PORTLAND, Ore. (KOIN) — Two weeks before a smoking ban goes into effect at all Portland city parks, the commissioner behind the proposal eliminated virtually all punishment for breaking the rule, which has many wondering — what’s the point?
“Sometimes I like to have a cigarette,” smoker Debbie Wright said. “Well, we’re outside.”
Beginning July 1, a citywide ban against smoking in public parks will go into effect.
“I don’t think it’s fair to tell me I can’t hang out in a park for something I’ve been doing since I was 18,” smoker JJ Starks said.
Recently, many expressed confusion over what it all means after Commissioner Amanda Fritz backpedaled on the penalties.
In February, the city decided smoking in parks would become a misdemeanor offense which could lead to a citation, and the possibility of excluding those who refuse to comply from local parks.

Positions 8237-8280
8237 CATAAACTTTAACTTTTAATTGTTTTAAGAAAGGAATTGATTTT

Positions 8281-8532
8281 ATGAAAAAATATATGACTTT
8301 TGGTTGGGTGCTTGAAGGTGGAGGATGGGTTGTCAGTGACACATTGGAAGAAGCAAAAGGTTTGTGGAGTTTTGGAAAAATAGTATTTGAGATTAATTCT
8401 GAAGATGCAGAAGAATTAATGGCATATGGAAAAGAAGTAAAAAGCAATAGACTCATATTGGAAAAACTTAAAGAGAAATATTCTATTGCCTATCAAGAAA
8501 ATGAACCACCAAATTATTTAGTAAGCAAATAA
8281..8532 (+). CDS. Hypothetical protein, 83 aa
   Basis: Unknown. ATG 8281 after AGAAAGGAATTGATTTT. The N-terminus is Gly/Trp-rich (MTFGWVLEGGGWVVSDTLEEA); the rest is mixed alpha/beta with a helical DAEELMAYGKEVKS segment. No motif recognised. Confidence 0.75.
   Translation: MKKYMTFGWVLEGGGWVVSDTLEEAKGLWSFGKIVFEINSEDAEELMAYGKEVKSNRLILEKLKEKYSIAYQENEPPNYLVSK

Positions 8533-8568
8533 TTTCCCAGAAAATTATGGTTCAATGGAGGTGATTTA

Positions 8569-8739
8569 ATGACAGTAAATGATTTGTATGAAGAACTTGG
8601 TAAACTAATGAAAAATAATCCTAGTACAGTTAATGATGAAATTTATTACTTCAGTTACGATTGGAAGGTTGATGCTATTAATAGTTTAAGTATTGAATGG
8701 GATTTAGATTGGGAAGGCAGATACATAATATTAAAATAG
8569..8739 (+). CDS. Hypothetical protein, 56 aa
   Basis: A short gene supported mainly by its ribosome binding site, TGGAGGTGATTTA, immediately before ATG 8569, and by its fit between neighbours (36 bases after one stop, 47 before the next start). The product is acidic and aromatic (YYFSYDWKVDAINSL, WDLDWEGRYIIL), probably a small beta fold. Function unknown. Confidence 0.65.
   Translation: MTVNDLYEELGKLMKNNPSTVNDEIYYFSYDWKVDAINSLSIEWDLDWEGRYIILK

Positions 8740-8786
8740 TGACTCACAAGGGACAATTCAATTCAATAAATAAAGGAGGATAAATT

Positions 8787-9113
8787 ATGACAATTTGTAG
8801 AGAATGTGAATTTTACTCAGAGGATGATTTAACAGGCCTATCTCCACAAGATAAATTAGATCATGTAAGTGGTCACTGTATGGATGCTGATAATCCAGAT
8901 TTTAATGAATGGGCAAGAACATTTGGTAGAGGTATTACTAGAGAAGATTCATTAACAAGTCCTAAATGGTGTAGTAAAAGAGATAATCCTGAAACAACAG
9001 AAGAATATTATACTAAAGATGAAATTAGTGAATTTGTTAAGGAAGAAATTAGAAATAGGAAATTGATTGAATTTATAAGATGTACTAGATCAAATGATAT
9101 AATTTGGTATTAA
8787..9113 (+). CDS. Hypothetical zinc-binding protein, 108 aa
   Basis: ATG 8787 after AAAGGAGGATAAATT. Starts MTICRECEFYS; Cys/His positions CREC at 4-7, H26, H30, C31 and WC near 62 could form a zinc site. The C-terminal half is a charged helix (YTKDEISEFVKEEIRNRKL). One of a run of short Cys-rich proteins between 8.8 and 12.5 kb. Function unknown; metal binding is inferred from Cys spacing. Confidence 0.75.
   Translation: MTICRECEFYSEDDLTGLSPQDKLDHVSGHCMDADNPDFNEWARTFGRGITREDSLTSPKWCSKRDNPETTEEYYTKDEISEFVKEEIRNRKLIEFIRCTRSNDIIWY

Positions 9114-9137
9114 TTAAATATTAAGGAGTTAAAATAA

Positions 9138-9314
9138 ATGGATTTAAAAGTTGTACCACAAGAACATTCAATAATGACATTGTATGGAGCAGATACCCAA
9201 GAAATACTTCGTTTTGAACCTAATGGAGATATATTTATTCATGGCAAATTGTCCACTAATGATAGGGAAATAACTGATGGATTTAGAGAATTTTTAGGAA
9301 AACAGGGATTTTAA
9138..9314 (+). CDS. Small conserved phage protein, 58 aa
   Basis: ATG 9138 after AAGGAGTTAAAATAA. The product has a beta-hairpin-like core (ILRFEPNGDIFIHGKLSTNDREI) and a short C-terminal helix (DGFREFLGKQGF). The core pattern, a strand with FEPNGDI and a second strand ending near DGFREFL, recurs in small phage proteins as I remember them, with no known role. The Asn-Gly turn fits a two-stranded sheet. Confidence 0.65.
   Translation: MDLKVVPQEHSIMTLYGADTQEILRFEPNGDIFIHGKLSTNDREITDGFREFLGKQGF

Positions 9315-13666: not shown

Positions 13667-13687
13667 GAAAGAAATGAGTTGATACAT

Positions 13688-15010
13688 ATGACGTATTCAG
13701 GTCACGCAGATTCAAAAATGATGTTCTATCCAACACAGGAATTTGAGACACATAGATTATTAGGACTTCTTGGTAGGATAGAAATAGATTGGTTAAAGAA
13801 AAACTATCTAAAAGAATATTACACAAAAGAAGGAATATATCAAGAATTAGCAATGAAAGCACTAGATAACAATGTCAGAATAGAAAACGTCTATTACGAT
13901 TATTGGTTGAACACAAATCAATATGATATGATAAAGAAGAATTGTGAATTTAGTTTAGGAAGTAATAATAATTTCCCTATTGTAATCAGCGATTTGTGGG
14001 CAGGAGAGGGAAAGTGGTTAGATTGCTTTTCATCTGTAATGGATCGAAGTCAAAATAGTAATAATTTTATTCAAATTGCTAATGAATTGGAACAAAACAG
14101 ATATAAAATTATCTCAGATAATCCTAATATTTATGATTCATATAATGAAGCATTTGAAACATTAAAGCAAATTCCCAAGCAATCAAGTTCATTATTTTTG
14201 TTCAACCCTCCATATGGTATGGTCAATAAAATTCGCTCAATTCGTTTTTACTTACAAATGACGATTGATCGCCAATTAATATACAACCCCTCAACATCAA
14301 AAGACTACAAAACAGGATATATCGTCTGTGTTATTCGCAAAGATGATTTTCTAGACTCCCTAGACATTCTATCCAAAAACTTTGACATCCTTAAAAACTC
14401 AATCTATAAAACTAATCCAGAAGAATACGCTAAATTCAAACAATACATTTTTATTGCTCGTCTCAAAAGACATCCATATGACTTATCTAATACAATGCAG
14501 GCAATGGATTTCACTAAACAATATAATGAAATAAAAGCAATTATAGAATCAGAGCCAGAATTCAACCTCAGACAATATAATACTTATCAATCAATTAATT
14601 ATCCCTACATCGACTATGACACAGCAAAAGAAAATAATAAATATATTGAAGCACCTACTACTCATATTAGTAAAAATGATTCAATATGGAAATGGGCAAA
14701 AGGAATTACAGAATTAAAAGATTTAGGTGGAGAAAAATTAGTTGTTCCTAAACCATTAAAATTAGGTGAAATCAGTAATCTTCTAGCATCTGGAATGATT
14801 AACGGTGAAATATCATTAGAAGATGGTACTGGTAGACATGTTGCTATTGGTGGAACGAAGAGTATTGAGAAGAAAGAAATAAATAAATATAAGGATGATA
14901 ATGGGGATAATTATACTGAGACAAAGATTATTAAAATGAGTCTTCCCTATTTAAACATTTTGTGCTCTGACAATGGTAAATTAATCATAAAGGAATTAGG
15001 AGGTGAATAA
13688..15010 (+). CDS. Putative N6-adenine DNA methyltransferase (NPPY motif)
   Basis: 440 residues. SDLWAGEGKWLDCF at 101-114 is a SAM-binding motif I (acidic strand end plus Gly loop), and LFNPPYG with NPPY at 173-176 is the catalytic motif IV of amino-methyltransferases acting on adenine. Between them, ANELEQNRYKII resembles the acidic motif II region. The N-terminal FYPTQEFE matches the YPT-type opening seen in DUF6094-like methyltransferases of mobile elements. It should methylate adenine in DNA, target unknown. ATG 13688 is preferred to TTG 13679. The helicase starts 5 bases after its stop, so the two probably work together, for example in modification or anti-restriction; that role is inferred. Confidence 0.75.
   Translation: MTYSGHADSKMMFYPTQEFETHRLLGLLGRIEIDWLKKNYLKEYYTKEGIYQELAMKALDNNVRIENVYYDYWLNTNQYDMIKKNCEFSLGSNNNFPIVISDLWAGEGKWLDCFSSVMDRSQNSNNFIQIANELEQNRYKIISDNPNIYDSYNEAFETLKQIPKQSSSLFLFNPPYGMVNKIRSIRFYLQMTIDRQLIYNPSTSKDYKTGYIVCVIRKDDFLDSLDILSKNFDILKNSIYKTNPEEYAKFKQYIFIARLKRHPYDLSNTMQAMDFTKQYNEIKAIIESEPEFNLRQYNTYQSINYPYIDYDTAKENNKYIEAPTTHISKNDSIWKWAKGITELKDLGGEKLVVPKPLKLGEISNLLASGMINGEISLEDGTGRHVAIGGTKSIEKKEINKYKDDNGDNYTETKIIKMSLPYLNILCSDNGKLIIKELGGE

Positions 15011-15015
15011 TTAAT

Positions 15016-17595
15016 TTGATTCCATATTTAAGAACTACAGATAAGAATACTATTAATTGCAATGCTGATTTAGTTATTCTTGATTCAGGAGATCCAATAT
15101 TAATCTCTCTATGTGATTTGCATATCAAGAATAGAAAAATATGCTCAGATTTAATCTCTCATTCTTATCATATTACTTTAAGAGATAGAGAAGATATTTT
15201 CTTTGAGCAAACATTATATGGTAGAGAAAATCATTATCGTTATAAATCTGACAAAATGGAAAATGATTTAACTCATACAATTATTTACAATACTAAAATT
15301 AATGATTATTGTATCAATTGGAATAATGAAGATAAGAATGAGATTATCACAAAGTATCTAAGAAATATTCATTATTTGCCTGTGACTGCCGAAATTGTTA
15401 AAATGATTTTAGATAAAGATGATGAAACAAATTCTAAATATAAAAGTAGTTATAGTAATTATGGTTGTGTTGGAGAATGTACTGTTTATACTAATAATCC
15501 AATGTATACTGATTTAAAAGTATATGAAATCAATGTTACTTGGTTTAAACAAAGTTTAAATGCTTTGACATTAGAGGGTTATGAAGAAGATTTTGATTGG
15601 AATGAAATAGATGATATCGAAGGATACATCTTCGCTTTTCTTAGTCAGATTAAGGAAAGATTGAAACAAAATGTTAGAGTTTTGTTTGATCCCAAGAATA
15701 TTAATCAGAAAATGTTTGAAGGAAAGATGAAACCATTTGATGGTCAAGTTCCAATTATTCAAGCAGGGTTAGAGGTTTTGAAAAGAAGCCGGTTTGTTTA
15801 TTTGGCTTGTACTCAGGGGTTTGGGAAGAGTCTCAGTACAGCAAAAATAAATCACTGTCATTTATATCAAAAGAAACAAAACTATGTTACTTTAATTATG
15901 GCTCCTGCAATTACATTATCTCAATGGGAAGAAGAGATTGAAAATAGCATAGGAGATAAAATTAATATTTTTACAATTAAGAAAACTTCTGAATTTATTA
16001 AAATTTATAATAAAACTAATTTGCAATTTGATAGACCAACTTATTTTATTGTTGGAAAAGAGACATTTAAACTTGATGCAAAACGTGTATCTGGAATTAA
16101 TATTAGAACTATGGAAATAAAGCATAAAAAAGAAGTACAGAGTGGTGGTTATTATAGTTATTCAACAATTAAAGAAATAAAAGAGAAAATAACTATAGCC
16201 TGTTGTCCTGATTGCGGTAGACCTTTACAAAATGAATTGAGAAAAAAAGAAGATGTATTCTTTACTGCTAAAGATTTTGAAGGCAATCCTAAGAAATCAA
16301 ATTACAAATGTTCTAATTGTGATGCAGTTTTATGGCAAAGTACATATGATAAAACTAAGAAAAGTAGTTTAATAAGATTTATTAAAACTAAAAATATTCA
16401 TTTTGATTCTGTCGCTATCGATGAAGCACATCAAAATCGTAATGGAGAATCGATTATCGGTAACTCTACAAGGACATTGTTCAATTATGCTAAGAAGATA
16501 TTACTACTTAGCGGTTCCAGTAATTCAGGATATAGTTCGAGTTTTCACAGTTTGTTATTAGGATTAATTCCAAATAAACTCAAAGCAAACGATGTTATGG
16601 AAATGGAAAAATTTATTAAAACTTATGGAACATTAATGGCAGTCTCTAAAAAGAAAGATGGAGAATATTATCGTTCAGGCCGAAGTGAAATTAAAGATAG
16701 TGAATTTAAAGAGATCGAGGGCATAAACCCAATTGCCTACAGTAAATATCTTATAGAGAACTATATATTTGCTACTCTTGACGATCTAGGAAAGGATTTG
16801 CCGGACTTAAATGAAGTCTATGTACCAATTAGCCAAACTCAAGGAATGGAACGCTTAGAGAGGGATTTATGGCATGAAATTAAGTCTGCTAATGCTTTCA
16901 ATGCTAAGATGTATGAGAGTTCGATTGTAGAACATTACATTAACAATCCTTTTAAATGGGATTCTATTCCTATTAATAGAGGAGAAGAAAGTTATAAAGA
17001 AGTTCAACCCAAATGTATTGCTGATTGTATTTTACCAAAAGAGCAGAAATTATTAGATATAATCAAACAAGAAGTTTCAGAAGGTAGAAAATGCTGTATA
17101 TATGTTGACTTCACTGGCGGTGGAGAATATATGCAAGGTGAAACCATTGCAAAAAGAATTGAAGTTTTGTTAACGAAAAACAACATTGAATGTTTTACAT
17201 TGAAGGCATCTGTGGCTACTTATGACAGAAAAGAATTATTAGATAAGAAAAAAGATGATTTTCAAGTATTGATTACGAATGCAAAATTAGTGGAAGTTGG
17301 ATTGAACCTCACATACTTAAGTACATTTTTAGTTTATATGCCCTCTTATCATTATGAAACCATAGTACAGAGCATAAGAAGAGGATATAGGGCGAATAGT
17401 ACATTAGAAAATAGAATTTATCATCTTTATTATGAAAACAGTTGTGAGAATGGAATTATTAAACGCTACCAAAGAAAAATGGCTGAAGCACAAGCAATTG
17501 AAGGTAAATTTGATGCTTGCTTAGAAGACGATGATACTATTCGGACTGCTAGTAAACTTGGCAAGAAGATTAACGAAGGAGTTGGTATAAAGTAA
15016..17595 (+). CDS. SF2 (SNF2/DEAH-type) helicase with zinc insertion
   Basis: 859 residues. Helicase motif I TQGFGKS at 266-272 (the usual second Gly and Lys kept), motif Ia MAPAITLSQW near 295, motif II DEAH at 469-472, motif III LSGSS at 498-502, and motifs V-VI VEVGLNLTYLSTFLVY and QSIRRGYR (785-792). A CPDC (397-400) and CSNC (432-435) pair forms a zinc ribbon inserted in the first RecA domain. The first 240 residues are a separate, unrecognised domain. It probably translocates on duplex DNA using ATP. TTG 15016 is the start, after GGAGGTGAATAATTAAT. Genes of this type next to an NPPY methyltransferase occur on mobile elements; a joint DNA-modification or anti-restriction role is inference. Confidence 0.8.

But in a city council meeting Wednesday, Commissioner Fritz tamed down the ordinance to say no more misdemeanors or park exclusions. Those caught smoking in parks could be asked to leave for the rest of the day — but that’s the worst that could happen. Enforcement would fall on park rangers, not police.
“It all depends on how strict they are going to go with the regulations,” Starks said. “Makes people feel like they’re criminalizing everyone for something that is socially already acceptable.”
Commissioner Fritz said the city expects people to obey the ban because it’s the right thing to do.
Parks officials budgeted $9,500 for signs and decals in city parks on the new rules. According to a bureau spokesman, the city will start installing them in July.
The Associated Press contributed to this story